Joe Lundberg

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The Onslaught Continues, But With a Glimmer of Hope

February 10, 2014; 11:16 AM ET

Monday, 11:55 A.M.

Thirty-eight days.

Counting today, that's how many days there are remaining until the vernal equinox. In light of the winter to date, and what lies ahead over the next week, the cries of 'uncle' will no doubt grow louder.

Today is very, very cold across most of the nation from the Plains on east. The morning minimums:

To give you an idea of just how cold it has been, here are the departures from normal for the month through Saturday:

Basically everyone from the Appalachians on west has been locked in the Deep Freeze all month long, and the next few days will continue that bitterly cold pattern. Here are the projected temperature departures from normal for tomorrow:

That sets the stage for a storm to form over the north-central Gulf of Mexico tomorrow night into Wednesday morning. It's tied to a disturbance moving inland through the Southwest today that currently doesn't have a lot to show for it after bringing some rain into California yesterday and last night. However, with all of the chilly air in the low levels of the atmosphere from the southern Plains to the Southeast, it won't take much to moisten up the atmosphere and generate a lot of clouds, along with some light precipitation tonight and tomorrow.

One little piece of moisture will dart across Alabama into Georgia, then into the Carolinas tomorrow into tomorrow night. Again, much of this is rain, but there can be some ice and snow on the northern fringe of the precipitation shield across northern Georgia into upstate South Carolina and portions of North Carolina. This, however, will merely serve as the appetizer before the main course, and that will begin to blossom tomorrow night across portions of Louisiana, Mississippi and Alabama.

By the time we finish Wednesday, the low will be reorganizing along the Southeast coast. Here's a peek at the 12z Feb. 10 GFS model surface forecast for 0z Thursday:

With surface high pressure over New England at that time, there will be some cold air damming up against the Appalachians. That means the low-level arctic air will do its best to hold its ground Wednesday night and Thursday as the storm moves up along the Southeast coast, then passes just east of the mid-Atlantic coast later Thursday and early Thursday night.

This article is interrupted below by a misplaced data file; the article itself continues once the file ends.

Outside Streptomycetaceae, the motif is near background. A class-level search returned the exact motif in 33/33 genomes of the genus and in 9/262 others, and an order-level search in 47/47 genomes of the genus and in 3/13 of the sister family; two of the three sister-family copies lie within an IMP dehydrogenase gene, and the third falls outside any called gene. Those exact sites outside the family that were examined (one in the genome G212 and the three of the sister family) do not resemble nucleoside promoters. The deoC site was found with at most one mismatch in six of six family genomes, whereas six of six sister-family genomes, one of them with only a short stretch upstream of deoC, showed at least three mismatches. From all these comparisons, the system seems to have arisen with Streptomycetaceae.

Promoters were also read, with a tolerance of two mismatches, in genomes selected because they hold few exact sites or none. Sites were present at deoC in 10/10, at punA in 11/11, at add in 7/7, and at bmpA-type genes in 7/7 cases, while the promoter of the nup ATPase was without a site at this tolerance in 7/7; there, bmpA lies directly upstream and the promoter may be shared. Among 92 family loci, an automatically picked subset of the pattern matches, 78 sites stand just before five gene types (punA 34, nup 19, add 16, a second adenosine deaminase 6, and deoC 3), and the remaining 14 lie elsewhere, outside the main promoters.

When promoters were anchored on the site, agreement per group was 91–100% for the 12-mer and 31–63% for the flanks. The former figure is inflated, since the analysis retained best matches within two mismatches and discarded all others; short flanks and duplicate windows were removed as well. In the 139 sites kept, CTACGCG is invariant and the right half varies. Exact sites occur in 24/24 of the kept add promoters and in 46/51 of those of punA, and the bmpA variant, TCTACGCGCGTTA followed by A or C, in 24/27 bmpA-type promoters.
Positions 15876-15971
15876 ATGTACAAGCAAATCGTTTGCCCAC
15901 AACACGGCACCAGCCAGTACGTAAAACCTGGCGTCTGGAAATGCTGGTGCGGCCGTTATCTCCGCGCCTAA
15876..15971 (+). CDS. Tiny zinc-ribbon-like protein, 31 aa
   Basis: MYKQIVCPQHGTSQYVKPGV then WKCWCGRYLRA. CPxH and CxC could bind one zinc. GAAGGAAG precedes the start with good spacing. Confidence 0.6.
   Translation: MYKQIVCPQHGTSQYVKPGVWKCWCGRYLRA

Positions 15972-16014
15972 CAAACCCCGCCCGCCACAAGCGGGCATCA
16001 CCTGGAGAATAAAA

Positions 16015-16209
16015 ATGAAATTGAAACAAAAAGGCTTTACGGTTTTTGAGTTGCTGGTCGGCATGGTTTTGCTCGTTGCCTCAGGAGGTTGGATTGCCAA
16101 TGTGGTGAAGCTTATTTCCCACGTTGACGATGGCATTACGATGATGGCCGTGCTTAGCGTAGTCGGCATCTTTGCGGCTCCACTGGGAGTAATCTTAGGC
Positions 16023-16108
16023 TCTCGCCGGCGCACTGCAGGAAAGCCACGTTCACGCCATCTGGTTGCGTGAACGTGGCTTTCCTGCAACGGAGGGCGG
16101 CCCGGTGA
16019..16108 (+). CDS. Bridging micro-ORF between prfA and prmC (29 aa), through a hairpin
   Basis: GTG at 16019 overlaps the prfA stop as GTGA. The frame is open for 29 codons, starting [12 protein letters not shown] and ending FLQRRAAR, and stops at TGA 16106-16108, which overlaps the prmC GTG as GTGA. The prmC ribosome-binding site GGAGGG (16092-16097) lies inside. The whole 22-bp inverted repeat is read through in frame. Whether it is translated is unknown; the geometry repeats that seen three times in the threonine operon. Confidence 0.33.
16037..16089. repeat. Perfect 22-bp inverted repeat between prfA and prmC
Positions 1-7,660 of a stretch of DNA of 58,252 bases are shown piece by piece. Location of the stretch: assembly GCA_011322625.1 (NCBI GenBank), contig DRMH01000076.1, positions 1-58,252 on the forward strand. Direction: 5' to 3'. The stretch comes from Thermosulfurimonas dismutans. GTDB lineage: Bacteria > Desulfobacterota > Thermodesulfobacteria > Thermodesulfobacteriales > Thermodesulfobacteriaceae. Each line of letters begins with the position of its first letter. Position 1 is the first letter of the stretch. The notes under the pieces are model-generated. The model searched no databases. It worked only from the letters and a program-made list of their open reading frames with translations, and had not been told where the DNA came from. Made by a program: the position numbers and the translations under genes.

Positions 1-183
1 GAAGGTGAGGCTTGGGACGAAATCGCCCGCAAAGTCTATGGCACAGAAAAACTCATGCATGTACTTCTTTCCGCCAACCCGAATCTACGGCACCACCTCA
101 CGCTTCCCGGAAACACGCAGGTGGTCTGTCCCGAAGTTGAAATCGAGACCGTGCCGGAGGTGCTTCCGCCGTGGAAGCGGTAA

And therein lies the million dollar question today: will the storm hug the coast while deepening, as is depicted by the European model and, to somewhat of a lesser degree, the 12z Canadian model? If that is true, it would throw heavy snow back to the spine of the Appalachians, and most places between the Appalachians to areas just west of the I-95 corridor. It would likely be mostly a heavy rain event along and especially east of the I-95 corridor, though some snow and ice could be involved at the start and perhaps end of the storm.

On the other hand, the latest NAM and GFS models are not as far west, and should not be ignored. The big picture still has the PNA negative, meaning upper level troughiness along the West Coast, and an NAO that is mainly positive, thus a progressive flow and no blocking. That's the way it has been for a while, and would imply the storm does, indeed, track farther east.

Either way, it won't completely let the cold go. In fact, another upper-level disturbance tracking across the northern Plains into the Midwest Thursday, then into the Great Lakes, will generate some snow, and the cold will be renewed behind it going into the weekend.

There is, however, a little light at the end of the tunnel, a glimmer of hope in this interminably cold and stormy winter. Look at the GFS ensembles for next Thursday:

Those are actually above-average heights in the East and Northeast! And it looks like by the second half of next week, there may actually be some sort of melting going on! Stay tuned for more details...AFTER the storm.

The views expressed are those of the author and not necessarily those of AccuWeather, Inc. or


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About This Blog

Joe Lundberg
Joe Lundberg, a veteran forecaster and meteorologist, covers both short and long-term U.S. weather on this blog.